The whistleblower who filed an explosive national-security complaint against President Donald Trump is a CIA officer who was once assigned to the White House, The New York Times reported Thursday.
The hashtag had slowed down by the following day but the reaction to the newspaper’s action in revealing some details about the identity of the whistleblower was a striking reminder, if any were needed to remind us again, of the power of social media and of the way that it has changed the world. And on the same day the Guardian used another anonymous source in its story following up on the information release, which was titled, “'This is very strange': Ukraine's view of the Trump whistleblower complaint.” The story included this:
“Politics should not affect whether our troops get what they need, supporting the guys who are out there,” said Mykhailo, a veteran of the conflict who served in 2014 and 2015, who spoke on condition that his last name not be used.
On 27 September the Huffington Post published a story that used another anonymous source, this time to allege that the White House had stored transcripts of the US president’s conversations with the Ukranian president on a server designed for other types of documents: those containing classified secrets. The story said:
An explosive letter from an unnamed intelligence official was released Thursday detailing attempts by the White House to cover up Trump’s wrongdoing.  
On more than one occasion, White House officials put transcripts of Trump’s conversations into a “standalone computer system” that was meant for storing sensitive and classified intelligence information.
By 29 September tweets in the #CancelNYT hashtag had all but dried up.

Then the case of another anonymous source blew up in the public sphere. Again, it was related to Trump. I first saw signs of activity on 1 October at 8.40am when Ben Dreyfuss, the editorial director of US news outlet Mother Jones, tweeted, “One of the reasons I want this presidency to end so soon is so I can read about the dysfunctional daily lives of cabinet level bagmen who spent the peaks of their careers not leading vast departments and creating change but being butlers to an old man with internet poisoning.” At 8.43am on the same day Anthony Nungaray, a California State University scientist replied to this tweet with this, “The books and subsequent movie is gonna be epic. It'll take years of evidence unraveling, numerous indictments and criminal trials, but it'll be worth it. I can hardly fucking wait.”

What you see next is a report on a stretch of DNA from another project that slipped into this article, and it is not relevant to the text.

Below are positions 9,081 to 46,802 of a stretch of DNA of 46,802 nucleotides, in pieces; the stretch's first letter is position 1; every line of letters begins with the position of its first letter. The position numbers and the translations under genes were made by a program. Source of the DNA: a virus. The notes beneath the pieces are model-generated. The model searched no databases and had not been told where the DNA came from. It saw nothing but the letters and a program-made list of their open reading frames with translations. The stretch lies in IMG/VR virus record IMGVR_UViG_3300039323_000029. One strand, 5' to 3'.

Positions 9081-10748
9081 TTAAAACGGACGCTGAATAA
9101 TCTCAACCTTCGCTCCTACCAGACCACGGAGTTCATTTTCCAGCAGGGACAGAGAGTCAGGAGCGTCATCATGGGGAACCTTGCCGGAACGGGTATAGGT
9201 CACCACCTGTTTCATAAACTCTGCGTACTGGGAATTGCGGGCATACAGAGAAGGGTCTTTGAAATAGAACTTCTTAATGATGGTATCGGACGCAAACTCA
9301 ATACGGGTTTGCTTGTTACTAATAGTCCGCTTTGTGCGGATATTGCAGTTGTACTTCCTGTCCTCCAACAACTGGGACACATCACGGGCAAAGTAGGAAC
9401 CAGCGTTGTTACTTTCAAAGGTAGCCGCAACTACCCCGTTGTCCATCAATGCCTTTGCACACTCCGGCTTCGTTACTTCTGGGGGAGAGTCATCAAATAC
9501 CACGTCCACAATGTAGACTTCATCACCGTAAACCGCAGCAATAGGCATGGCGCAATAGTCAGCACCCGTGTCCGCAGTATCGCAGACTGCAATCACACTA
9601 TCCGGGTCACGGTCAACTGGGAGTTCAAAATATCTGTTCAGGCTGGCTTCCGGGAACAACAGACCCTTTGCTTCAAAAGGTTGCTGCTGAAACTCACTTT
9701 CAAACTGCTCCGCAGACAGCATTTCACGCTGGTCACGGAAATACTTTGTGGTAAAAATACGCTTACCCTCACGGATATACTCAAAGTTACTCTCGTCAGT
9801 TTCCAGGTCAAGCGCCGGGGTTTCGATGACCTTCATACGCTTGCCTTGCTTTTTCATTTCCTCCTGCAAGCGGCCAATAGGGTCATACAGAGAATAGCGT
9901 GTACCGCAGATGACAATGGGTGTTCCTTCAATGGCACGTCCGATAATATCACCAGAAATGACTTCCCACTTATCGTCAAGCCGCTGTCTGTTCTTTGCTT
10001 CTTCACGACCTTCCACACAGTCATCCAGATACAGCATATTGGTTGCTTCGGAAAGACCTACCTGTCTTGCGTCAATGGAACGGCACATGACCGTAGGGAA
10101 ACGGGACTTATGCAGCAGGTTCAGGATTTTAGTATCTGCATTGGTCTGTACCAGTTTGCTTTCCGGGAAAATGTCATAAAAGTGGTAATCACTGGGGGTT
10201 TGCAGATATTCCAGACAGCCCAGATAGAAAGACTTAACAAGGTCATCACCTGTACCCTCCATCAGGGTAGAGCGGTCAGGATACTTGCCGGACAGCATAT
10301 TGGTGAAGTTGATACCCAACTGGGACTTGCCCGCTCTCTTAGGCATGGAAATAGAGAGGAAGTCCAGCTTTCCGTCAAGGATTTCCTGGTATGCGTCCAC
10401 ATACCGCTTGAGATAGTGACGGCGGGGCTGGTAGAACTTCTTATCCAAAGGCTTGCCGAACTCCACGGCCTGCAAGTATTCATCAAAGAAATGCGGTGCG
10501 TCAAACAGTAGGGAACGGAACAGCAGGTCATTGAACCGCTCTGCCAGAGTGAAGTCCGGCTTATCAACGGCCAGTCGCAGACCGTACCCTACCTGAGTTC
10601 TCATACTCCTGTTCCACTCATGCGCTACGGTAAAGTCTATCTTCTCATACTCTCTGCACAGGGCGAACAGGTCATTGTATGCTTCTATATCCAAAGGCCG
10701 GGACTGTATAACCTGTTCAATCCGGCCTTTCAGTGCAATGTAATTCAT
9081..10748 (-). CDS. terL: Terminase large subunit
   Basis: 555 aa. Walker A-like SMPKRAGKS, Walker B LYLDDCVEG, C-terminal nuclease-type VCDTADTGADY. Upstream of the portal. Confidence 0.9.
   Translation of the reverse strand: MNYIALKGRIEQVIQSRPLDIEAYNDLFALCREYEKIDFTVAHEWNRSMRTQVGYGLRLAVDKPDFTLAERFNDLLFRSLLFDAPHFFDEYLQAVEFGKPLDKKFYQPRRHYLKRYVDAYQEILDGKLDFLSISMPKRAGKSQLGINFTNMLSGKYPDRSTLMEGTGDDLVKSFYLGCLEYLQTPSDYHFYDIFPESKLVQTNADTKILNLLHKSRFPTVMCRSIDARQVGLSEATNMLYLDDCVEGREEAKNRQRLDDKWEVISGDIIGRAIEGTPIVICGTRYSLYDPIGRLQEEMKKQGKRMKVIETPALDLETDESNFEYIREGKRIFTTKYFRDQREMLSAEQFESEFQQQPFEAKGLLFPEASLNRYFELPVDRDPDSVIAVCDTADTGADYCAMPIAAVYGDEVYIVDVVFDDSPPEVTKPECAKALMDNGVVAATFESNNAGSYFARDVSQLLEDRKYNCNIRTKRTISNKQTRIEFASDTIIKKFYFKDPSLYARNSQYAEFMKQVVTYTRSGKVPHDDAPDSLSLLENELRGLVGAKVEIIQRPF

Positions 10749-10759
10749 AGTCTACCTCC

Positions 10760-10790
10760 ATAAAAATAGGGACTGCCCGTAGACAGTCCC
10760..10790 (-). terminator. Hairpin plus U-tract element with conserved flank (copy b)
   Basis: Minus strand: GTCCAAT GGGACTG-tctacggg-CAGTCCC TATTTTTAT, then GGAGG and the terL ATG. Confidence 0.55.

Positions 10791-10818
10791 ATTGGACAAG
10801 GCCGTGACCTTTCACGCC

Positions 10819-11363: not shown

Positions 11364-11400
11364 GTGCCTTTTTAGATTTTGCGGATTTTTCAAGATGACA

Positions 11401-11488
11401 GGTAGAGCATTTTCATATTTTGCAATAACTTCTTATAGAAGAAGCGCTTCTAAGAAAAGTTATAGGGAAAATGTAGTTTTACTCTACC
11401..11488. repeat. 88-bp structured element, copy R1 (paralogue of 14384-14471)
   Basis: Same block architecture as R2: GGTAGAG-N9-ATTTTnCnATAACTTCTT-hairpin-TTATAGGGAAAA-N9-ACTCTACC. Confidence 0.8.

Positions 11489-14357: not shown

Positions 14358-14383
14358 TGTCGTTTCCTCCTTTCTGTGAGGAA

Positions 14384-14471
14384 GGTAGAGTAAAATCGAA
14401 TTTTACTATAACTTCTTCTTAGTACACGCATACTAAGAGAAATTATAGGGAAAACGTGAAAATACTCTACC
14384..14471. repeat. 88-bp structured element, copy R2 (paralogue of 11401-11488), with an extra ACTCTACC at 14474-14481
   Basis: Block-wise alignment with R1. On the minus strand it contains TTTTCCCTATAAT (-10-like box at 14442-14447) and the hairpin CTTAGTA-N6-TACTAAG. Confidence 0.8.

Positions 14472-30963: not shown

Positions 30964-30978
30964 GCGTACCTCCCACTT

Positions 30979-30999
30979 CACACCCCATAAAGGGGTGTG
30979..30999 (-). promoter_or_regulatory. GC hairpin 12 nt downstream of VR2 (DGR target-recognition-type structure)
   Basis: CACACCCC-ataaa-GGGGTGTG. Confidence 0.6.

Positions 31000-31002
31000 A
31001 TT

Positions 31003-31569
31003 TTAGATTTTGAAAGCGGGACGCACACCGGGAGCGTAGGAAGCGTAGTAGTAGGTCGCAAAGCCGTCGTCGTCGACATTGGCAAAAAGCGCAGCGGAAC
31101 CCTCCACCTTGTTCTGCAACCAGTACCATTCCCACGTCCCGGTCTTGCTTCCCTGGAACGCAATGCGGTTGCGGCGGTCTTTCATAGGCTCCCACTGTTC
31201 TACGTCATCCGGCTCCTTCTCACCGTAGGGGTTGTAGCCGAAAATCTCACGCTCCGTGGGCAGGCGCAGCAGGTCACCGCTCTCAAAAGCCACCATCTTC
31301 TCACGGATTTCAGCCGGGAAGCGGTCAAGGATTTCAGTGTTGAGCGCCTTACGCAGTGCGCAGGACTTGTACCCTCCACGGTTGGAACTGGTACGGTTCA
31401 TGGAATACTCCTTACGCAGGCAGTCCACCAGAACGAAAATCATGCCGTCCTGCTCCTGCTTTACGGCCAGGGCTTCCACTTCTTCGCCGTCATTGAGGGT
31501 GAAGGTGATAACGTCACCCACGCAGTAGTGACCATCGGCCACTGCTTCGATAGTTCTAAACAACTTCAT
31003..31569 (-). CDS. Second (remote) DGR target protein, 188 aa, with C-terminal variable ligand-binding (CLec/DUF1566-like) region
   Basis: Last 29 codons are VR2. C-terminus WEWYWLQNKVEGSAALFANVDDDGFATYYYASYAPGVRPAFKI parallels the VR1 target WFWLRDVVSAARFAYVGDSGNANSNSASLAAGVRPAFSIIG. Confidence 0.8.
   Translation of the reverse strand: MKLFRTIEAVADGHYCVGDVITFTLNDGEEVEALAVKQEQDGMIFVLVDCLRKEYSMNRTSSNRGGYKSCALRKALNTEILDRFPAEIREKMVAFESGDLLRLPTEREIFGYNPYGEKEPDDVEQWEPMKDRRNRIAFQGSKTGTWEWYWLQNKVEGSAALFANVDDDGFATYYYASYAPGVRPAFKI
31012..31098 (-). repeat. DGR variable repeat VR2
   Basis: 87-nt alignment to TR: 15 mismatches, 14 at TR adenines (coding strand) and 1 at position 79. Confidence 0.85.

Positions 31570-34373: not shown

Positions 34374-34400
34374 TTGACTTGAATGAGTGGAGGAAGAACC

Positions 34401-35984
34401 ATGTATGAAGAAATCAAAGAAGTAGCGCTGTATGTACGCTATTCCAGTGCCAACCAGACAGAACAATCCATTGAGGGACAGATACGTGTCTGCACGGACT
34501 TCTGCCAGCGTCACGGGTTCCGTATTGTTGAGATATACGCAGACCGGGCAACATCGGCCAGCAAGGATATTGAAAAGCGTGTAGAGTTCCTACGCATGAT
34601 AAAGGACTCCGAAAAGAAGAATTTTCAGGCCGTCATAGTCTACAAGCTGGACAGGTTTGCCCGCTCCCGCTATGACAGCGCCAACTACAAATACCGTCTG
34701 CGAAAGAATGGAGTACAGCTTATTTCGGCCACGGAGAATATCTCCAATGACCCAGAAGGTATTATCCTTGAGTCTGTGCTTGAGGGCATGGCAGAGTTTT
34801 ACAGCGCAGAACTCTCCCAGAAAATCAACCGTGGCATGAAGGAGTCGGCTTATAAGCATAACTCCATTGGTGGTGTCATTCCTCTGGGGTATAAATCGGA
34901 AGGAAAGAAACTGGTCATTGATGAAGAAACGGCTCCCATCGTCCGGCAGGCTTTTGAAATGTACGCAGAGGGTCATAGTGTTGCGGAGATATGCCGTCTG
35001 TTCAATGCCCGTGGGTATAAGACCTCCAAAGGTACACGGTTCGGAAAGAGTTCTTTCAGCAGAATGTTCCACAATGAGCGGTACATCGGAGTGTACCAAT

This exchange of tweets related to a story that had broken this morning in Australia about an allegation that Donald Trump had asked for help from the Australian government to get information on Robert Mueller, the ex-director of the Federal Bureau of Investigation (which he led from 2001 to 2013). The people involved in the case were a former Liberal Party politician, Alexander Downer, and Goerge Papadopoulos, a Trump campaign aide. His Wikipedia page says:
On or about May 10, 2016, at London's Kensington Wine Rooms, Papadopoulos allegedly told the top Australian diplomat to the United Kingdom, Alexander Downer, that Russia was in possession of emails relating to Hillary Clinton.
Mueller had been visible in the public sphere investigating what were allegations of wrongdoing by the US president, in effect receiving information from Vladimir Putin, the Russian president, ahead of the 2016 presidential election. Now, Trump was trying to dirty Mueller’s reputation. A story in the Sydney Morning Herald (SMH) on this morning had the headline, “Donald Trump asked Scott Morrison to help discredit Mueller probe” into Russian election interference. Morrison is the Australian prime minister.  The story said:
Details of the phone call were restricted to only a select number of senior officials, mirroring the handling of Trump's controversial phone call with Ukrainian President Volodymyr Zelensky, The New York Times reported on Monday local time (Tuesday AEST).
A bit further down the page the story went on:
Australia's former high commissioner to the United Kingdom, Alexander Downer, helped trigger an initial FBI investigation into Trump's links with Russia after having drinks in London with Trump campaign aide George Papadopoulos. 
Downer has said that Papadopoulos told him at the bar Russia had damaging material on Trump's presidential rival Hillary Clinton.